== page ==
“So many people say, ‘What are you doing for yourself?’ which is a nice sentiment, but it just further divides me and those people,” Taylor said. “What they don’t understand is that I don’t have the time, the energy, or the mental capacity to do anything for myself. I am with my daughter quite literally keeping her alive 24/7.”
While she experienced anxiety before her child’s illness, her feelings of terror were both amplified and silenced by her daughter’s cancer diagnosis.
“I have had multiple panic attacks while alone with her in the ER in the middle of the night or if something wasn’t going as planned during a chemo infusion. The hardest part is hiding those attacks, sitting down and handing her an iPad for 15 minutes, and trying to recompose myself,” she said.
Taylor and other parents like her say that receiving a serious diagnosis divides their lives into a “before” and an “after.”
“I used to be outgoing and make friends easily,” said Taylor, explaining that she now walks around “feeling like no one understands me or what we’ve been through.”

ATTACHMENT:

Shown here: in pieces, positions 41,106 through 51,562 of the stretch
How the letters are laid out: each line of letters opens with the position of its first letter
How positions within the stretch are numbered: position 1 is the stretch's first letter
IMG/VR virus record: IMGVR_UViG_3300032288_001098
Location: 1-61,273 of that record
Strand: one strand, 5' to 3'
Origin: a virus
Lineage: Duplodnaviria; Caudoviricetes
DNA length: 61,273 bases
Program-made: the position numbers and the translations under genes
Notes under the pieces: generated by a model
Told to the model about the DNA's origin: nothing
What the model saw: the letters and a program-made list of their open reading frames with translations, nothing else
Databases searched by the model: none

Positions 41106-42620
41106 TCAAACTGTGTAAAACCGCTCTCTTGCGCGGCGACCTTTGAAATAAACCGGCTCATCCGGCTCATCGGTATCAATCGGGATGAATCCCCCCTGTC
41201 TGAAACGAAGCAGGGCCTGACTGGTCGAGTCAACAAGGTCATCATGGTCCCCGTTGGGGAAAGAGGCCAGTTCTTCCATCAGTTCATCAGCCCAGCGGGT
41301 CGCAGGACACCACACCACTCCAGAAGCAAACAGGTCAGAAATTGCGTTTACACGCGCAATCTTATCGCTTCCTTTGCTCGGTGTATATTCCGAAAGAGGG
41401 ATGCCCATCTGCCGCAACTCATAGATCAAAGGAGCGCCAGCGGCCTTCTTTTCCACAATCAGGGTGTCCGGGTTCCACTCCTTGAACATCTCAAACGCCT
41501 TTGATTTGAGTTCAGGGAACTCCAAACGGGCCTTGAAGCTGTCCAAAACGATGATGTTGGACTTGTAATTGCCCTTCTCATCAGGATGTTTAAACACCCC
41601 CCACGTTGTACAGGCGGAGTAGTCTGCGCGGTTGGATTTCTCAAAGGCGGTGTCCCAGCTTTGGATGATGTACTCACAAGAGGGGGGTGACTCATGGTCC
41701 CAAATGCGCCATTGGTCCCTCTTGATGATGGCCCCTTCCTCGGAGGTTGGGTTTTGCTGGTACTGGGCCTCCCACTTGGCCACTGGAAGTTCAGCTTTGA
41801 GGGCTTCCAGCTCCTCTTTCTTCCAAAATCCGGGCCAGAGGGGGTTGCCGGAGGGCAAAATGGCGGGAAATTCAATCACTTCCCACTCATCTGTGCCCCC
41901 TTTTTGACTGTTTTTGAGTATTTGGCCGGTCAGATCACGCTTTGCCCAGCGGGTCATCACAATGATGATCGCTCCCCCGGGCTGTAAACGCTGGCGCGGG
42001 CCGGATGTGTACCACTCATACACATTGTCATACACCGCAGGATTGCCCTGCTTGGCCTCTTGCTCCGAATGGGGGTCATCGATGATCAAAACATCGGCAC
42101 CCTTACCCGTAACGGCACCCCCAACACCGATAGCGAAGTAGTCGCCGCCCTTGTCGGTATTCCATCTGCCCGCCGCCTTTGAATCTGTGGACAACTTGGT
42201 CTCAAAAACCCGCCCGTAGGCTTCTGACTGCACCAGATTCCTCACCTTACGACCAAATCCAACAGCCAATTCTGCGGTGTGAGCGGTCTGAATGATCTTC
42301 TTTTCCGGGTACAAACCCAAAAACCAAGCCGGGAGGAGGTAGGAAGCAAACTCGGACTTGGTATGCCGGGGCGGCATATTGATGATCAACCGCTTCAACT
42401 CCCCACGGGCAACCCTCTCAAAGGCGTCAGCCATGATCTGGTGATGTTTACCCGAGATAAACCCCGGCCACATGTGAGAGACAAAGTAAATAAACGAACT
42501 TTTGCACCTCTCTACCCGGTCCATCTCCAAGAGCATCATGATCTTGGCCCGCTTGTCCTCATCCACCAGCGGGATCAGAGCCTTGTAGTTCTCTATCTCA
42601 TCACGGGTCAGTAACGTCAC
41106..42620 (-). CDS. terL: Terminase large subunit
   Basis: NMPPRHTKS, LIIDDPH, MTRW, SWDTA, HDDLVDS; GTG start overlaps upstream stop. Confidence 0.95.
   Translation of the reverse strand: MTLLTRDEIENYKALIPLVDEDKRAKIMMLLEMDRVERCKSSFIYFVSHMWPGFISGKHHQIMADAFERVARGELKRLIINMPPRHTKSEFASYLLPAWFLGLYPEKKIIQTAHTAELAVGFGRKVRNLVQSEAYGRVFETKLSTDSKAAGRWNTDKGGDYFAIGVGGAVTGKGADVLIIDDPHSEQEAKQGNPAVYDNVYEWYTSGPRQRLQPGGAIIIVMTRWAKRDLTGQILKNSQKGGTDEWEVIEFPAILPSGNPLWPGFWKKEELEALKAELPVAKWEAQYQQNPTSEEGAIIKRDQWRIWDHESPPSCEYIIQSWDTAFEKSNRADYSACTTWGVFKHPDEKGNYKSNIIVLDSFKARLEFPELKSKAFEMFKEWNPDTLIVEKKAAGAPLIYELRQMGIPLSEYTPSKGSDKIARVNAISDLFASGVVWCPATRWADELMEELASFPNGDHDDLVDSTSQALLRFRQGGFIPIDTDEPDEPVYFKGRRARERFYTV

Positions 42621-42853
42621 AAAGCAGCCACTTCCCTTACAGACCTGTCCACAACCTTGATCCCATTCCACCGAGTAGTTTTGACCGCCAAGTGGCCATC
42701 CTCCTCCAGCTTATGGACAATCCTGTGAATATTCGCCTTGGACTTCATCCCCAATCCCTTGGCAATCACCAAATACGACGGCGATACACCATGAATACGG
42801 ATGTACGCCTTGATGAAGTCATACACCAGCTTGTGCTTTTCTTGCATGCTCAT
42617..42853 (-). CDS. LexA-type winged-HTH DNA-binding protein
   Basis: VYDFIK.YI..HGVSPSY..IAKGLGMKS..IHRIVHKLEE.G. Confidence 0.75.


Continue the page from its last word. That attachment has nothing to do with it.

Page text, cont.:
Except for the people who do: other parents facing the same diagnosis.
“Support from other moms going through the same or very similar situations has been better than any therapy I could find,” Taylor said. “I met a friend very early on who has a daughter who was just a few months ahead of us in treatment. We instantly connected and she became a constant source of understanding, I truly do not think I could have gotten through as well as I did without her.”
Along with her friend, Taylor regularly meets with a group of other “cancer moms” via video call.
“To have a group of women who really understand our day to day, and not only the medical aspects, but the emotional aspects, is priceless,” she said.
Some parents in this position find support on social media
For Laurie Foos, the mother of a 15-year-old son who has autism, anxiety and developmental disabilities, social media has provided a source of support.
“I have spent countless hours following the threads of Facebook parent support groups that were often a lifeline, in order not only to understand why a particular behavior had cropped up, but about the workings of a school district and what services were available to him and why,” she told HuffPost.